I get asked by a lot of service providers about how they can get more startup clients. My typical answer is “why”? Clients by definition are required to have budget. Most startups are unfunded, therefore have no budget, and thus cannot be a client. The typical response, is that they want to “get in early”. First off, I love that the ecosystem wants to support startups, however I want them to have aligned expectations. Here are some thoughts-
1. Sponsor existing programs to get your name out.
Pick a couple and get involved. Don’t try to be everywhere. Look at the clients where you have the best network and focus on startup ecosystems that can benefit. Example: Law firms that have a lot of B2B software clients should focus on incubators-accelerators that are focused on B2B startups. Avoid programs that are horizontal and not focused on sectors.
2. Build a program.
Many service providers have startup specific offerings. Technology providers have cloud packages that startups can use for free or a discount. Some law/accounting firms have packages where you get $10k in services with deferred payment until your first $1M of capital raise. Software dev shops have deferred and equity based programs. Message me if you want some referrals.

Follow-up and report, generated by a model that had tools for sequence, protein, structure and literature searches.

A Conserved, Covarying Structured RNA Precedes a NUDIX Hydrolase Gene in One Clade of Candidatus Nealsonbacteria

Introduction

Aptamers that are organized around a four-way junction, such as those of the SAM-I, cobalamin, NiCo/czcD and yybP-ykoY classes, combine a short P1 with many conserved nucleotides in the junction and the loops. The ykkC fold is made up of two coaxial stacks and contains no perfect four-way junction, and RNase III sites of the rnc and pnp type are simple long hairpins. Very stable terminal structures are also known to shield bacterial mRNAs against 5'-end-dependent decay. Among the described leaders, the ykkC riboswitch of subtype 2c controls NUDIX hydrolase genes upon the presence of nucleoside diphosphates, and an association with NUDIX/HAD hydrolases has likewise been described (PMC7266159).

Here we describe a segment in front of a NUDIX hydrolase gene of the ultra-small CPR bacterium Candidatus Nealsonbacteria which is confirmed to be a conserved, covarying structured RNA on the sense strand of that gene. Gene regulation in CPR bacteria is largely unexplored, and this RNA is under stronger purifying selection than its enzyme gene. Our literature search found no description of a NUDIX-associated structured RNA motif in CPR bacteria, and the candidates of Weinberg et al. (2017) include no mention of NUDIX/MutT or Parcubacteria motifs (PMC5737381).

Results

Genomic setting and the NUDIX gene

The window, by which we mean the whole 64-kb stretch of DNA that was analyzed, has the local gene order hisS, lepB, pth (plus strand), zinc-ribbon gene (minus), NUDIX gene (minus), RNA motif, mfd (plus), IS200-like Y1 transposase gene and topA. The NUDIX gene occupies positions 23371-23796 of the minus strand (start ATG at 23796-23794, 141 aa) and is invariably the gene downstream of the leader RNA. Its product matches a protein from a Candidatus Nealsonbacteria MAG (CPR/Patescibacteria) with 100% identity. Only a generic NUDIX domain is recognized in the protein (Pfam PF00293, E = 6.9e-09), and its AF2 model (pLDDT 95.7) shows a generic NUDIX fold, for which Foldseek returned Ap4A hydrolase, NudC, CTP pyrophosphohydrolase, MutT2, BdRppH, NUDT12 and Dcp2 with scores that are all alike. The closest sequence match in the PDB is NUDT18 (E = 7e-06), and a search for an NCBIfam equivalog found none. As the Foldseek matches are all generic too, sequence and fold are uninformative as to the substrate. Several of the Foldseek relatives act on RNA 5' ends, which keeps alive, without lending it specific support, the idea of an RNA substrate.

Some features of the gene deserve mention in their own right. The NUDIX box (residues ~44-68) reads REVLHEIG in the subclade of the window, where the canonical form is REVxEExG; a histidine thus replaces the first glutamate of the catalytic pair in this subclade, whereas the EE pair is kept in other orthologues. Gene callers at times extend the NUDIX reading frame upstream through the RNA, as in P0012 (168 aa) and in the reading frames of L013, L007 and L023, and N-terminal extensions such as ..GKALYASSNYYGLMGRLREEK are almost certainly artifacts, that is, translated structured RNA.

Track the lead generation from these programs, even though it could be years before you see a return. Meet with your ecosystem partners quarterly and ask for metrics. They want your money, make them earn it.
4. Be patient.
These are long tail leads. 2-5 yr ROI. Spend your time elsewhere if you need business near term.
5. VCs, Do your best work.
The VC community can make or break your ability to extend your relationship with a startup. I have seen some VCs bring in their lawyers, etc. as a rule. But the realty is that VCs want to spread the work around. However, VCs know the difference between good and bad work, where the startup CEO may not. A lot of vendors to startups give mediocre service because they aren’t getting “paid”. The VCs show up and this mediocre work hurts your reputation.
6. Your network.
Be prepared to open your network to your new startup client. Ultimately, this is why these companies join accelerators and incubators. Educationally, they get nominal support, but the connections to customers and capital are what they hope to get.